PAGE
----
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The power of fashion illustration

It is time to rediscover the insight and impact of the illustrator

If one thing is clear when it comes to modern fashion media, it is the total domination of photography as a form of image representation and consumption. This is no surprise considering that with the exponential growth of image-based platforms such as Instagram, observing photographs online has become a ground-zero for most people’s daily fashion consumption. But this hasn’t always been the case. Before technology graced us with beautiful photographic magazine covers, editorials and lookbooks, it was illustrators that carried the responsibility of channelling a designer’s vision into an image for the public to see.

In fact, as far back as the 17th century, fashion magazines were using illustrations to share the new and most popular fashions of the time. Known as fashion plates these illustrations revealed the most popular dress of the moment and were available not only to purchase but also to subscribe to. This marked the beginning of the trend cycles that we see today, in which fashion images are used to push and promote particular styles or pieces. 

Illustration is not just a medium of the past: it is a medium that remains interwoven into the fashion system. For many designers, sketching is an invaluable way to communicate their ideas – and the appreciation of those in the design field for illustration is clear. In 2021, Kim Jones released an incredibly popular collection for Fendi inspired by the work of illustrator Antonio Lopez. Stella McCartney has previously released illustrated ad campaigns, and amid the covid lockdown of 2020, Daniel Roseberry proved that you don’t need a hundred people on an editorial shoot for a collection to go viral, after his illustrations circulated Twitter and Instagram. 

If there is one area of fashion where illustrations seem to be overlooked, it is the place they once thrived: the fashion media. Opening a fashion magazine today, whether you see an editorial, an ad campaign, a lookbook or anything else, you can usually count on it being in photographic form.  

As exciting and stimulating as a photo shoot may be, is there a value to illustration that we overlook? A value to a less literal and more emotion-based medium – one beyond restrictions of what is physically possible? _shift put this to the test, with the help of graphic design student Rahi Ali by conducting an experiment at the London College of Fashion. The idea was simple: draw student outfits without ever physically seeing them. All Rahi had to go on was the students’ own explanation of their outfits and any audible emotion. You can watch the process video below.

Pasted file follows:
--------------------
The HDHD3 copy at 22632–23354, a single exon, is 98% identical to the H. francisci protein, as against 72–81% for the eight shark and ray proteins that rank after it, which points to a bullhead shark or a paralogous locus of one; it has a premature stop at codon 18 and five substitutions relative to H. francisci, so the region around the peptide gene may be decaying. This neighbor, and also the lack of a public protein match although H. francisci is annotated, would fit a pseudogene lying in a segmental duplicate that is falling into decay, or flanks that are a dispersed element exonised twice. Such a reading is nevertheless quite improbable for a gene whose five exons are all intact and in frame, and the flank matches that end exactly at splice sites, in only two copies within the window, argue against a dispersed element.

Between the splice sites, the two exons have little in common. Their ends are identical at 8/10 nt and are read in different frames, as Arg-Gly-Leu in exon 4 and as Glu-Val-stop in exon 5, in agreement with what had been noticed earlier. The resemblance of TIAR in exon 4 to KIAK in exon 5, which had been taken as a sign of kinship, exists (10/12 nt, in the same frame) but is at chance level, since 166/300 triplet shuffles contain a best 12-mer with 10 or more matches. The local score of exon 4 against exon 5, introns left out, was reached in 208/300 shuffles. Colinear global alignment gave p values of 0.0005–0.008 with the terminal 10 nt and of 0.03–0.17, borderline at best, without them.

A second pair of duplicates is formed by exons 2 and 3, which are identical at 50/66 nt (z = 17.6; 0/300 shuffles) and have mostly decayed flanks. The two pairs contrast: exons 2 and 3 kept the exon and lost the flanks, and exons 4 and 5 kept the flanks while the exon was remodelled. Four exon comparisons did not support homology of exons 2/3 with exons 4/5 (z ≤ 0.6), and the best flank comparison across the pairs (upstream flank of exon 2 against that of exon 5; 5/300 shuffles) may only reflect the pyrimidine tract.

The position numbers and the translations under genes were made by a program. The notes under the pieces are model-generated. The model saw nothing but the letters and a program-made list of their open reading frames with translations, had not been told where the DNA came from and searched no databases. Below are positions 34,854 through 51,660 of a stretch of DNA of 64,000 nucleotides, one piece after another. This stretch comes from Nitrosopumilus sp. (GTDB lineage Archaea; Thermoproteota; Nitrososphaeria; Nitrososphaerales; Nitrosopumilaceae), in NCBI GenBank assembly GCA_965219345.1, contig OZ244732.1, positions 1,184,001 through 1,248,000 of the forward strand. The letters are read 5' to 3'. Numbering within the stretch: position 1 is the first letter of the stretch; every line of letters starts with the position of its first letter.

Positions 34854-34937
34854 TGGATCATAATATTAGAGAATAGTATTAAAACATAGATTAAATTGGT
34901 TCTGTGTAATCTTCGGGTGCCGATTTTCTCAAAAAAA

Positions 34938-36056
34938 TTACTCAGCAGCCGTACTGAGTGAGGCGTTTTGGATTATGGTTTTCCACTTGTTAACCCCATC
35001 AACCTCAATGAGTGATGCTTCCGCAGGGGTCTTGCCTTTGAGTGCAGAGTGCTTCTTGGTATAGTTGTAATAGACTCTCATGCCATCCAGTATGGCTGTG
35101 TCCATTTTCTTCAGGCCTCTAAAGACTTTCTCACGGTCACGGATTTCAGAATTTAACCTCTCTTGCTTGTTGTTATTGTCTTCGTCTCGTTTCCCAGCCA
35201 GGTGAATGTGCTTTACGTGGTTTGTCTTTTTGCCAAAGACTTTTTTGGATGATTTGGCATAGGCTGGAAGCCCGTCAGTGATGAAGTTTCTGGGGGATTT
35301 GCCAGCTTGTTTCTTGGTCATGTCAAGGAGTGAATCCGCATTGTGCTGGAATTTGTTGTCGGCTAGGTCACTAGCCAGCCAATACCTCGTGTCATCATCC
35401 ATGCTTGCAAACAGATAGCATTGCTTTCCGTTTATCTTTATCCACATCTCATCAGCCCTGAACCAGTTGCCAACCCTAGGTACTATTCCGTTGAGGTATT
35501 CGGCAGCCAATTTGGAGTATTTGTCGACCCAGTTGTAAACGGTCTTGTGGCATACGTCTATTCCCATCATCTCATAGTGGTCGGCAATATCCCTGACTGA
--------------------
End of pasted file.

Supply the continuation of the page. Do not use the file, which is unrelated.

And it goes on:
A fashion illustration of a figure in black, with a red bag.

Drawing of Elizabete, by Rahi Ali

The outcome was clear. While the resulting images may not have been 100% true to life, there is a sense of personal connection you get with a hand-drawn image that is more difficult to convey through a photograph. In a sense, what you receive in a drawing is truer to how you see yourself: more of a creation of a character than a literal representation of someone. One interviewee, Isaac, said: “I think the benefit of having an illustration is the outfit feels more surreal. When I look at the interpretation of my outfit it feels like a memory… the illustration feels like another version of myself that I didn’t know existed.” 

A fashion illustration of a model wearing khaki colours.

Isaac, by Rahi Ali

Our last participant, Ian echoed this sentiment, saying: “It’s more of a personal piece. Somebody has taken the time to build a relationship with you… it’s cool that someone took the time to understand my outfit and consider the best way to represent it on paper.” 

A fashion illustration of a blue outfit with cherries.

Ian, by Rahi Ali

While it would be silly to suggest that photography would or should be going anywhere, it is clear that there is an underappreciated value to going back to the classics in modern fashion media. When most of how we view fashion is from behind a screen, it is important not to forget the personal touches a more traditional medium can provide – and as the fashion world begins to turn its back on realism with the introduction of virtual fashion, maybe illustration can provide that sense of the balance – the emotive rock in a storm of impersonal Instagram ads and influencer looks. 


Music: Midnight swing, Christian Petermann via Adobe Stock


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